A protein that is a biomarker of health status

The UPV/EHU-University of the Basque Country has associated the enzyme activity of a protein, which is linked to various diseases, with parameters and habits linked to health

  • Ikerketa

First publication date: 25/07/2018

The UPV/EHU-University of the Basque Country has associated the enzyme activity of a protein, which is linked to various diseases, with parameters and habits linked to health
Begoña Sanz (in the middle) and some members of the UPV/EHU’s Ageing On research group. Caption: Egoi Markaida. UPV/EHU.

A collaborative study conducted by the UPV/EHU’s Ageing On research group and the CITA-Alzheimer Foundation has concluded that the activity of the DPPIV enzyme, which acts as a biomarker in various diseases, is also positively linked to parameters of a good health status and physical activity. Differences in enzyme activity depending on sex and age were also found.

Dipeptidyl peptidase-IV or DPPIV is a protein recognised as a biomarker in certain diseases and physiological states. Biomarkers are molecules that indicate physiological states, illnesses and diseases and are used in the diagnosis, prognosis and analysis of the development of a specific state. This protein is in fact associated with processes of the immune system, glucose metabolism, inflammation and cardiovascular regulation and has also been found to function as a mechanism of communication between muscle tissue and adipose tissue. “It is a protein that has enzyme activity, but which at the same time performs other kinds of functions in the body. It has so many functions and such unknown ones that it is very difficult to know exactly which mechanisms regulate it,” explained Dr Begoña Sanz, a researcher in the UPV/EHU’s Ageing On research group.

“Any knowledge provided about the biomarker function of this protein is of interest, because, given the range of functions it performs, it could turn out that if treatment is applied from one of these points of view, it could generate a problem in other circumstances in which it also interferes,” asserted Sanz. In this respect, the doctor highlights the importance of the results obtained in a study conducted by members of the UPV/EHU’s Ageing On research group and of the CITA Alzheimer Foundation on an apparently healthy population of adults. “Most of the current publications on this enzyme refer to its changes in various diseases, but there are very few studies that have explored the correlation of this enzyme with specific parameters in an apparently healthy population.”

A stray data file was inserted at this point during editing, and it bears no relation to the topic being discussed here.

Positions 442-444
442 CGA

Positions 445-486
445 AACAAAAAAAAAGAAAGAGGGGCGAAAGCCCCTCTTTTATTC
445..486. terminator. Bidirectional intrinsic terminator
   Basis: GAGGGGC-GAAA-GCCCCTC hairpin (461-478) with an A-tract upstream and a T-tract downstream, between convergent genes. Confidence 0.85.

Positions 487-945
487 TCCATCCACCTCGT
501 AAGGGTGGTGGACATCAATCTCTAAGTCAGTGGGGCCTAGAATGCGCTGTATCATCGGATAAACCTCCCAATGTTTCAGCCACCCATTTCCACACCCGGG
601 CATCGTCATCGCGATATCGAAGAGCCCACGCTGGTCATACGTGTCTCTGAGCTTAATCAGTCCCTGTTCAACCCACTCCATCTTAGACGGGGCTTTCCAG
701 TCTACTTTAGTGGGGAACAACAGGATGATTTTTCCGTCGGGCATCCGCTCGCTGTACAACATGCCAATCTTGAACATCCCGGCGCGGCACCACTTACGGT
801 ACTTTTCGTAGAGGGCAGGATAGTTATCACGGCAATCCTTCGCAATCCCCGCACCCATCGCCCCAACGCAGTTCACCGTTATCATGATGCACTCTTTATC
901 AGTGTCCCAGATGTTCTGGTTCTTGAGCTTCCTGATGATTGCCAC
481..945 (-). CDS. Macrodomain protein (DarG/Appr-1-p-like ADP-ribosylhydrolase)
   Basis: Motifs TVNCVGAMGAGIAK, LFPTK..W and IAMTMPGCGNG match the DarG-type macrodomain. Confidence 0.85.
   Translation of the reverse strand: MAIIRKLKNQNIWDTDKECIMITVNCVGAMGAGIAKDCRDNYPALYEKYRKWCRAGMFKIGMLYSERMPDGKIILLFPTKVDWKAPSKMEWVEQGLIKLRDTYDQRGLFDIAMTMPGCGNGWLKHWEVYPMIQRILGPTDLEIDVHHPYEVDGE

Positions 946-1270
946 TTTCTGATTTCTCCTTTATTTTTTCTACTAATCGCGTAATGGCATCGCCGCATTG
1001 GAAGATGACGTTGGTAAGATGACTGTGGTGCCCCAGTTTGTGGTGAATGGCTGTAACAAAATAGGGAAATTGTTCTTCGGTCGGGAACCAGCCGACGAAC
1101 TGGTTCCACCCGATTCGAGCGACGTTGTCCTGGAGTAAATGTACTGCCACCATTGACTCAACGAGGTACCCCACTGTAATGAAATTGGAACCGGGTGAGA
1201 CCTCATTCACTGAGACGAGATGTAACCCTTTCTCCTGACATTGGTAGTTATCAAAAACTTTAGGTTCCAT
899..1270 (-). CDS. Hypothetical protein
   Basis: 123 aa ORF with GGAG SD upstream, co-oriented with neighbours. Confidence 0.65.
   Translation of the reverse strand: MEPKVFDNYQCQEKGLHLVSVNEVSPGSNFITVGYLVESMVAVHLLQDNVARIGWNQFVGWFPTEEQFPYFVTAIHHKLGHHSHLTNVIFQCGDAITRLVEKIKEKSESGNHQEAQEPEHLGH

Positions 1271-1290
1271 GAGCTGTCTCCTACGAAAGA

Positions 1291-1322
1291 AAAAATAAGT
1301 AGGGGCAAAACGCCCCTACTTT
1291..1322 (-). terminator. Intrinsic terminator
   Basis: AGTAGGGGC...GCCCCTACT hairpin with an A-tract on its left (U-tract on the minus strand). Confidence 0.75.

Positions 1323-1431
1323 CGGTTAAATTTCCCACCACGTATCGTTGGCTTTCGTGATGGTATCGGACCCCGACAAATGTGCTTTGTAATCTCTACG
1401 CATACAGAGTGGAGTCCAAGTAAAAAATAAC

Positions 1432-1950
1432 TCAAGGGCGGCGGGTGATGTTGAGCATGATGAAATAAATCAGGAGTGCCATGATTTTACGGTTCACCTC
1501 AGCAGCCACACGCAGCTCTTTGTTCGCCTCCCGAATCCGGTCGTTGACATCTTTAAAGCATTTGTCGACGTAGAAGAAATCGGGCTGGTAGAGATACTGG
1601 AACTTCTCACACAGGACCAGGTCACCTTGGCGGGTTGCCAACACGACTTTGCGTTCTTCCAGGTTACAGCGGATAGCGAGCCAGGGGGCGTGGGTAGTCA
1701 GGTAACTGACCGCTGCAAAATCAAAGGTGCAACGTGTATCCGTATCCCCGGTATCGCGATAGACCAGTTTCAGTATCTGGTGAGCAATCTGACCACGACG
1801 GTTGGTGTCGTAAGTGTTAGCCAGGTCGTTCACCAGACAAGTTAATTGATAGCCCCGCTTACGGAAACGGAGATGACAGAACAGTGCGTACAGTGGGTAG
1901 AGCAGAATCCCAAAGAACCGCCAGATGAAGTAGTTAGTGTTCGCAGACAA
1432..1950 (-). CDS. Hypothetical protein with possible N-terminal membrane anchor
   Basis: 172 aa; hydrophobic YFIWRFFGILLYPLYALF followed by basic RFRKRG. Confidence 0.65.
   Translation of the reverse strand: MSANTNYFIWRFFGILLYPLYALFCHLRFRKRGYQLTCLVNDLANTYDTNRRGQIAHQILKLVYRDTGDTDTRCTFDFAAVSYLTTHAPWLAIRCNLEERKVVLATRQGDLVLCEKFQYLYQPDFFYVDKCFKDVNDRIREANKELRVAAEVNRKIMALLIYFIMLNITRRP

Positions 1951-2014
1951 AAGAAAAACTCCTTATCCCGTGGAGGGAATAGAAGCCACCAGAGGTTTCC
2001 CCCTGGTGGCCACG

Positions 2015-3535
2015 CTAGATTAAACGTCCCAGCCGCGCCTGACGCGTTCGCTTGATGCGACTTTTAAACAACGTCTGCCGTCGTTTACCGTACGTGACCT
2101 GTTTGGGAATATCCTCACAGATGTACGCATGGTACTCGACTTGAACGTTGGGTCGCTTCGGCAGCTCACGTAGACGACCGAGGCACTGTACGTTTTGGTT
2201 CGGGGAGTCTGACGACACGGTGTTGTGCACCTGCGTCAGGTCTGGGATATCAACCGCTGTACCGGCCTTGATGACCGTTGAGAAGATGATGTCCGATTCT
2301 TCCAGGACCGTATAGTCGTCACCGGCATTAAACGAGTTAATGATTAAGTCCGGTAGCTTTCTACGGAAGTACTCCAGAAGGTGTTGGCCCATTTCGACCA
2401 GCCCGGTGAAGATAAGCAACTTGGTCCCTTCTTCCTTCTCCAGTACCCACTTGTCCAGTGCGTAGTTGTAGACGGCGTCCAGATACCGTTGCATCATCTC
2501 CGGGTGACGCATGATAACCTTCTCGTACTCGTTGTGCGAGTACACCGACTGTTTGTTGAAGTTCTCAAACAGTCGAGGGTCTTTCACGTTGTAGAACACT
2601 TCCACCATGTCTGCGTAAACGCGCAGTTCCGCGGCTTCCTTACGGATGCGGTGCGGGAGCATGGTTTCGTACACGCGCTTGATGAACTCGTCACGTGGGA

Differences in terms of age and sex

The study was conducted on a total of 374 adults (between the ages of 40 and 85). Individually, sociodemographic data were gathered from them, all their anthropometric variables were measured (weight, height, body mass index, etc.), a physical activity study was made and so was a study of their physical fitness (following the Senior Fitness Test).

Once all the tests had been carried out and all the data correlated with the enzyme activity of the protein measured in the blood, the research team saw “that the enzyme activity is associated with parameters and habits linked to health. In other words, the people who have healthier lifestyles, who undertake more physical activity, who are in a better physical state and who have fewer obesity indicators have greater enzyme activity”, specified Dr Sanz. “All this indicates that the activity of this enzyme could be used as a biomarker of the state of health.” In addition, enzyme activity was found to be higher in women than in men “to a fairly significant extent”, she said.

The researcher said that “it would be necessary to go on studying this line to see whether, once these data have been added to the rest in the bibliography, the knowledge about this multifunctional protein can be expanded”. Likewise, “the results would need to be examined in greater depth, because on the basis of other available studies we have found that depending on whether one measures the enzyme activity or the concentration of the enzyme, the results and correlations obtained would vary from the point of view of obesity. Just as the correlations vary if the group studied is a group of healthy individuals or a group of people who have some disease. The results also vary greatly depending on the age group analysed. So much precaution needs to be exercised when interpreting the data obtained when they are not compared with equivalent populations”.

Additional information

This study is a small part of another much larger study in which the UPV/EHU’s Ageing On research group and the CITA-Alzheimer Foundation are collaborating. One of the aims of the Ageing On group is to encourage healthy ageing, so it conducts research into and disseminates the benefits of physical activity and healthy lifestyles. The CITA-Alzheimer Foundation for its part has for years been measuring a broad range of parameters among a cohort of healthy adults to be able to retrospectively contrast the association of these parameters with the development of Alzheimer’s.

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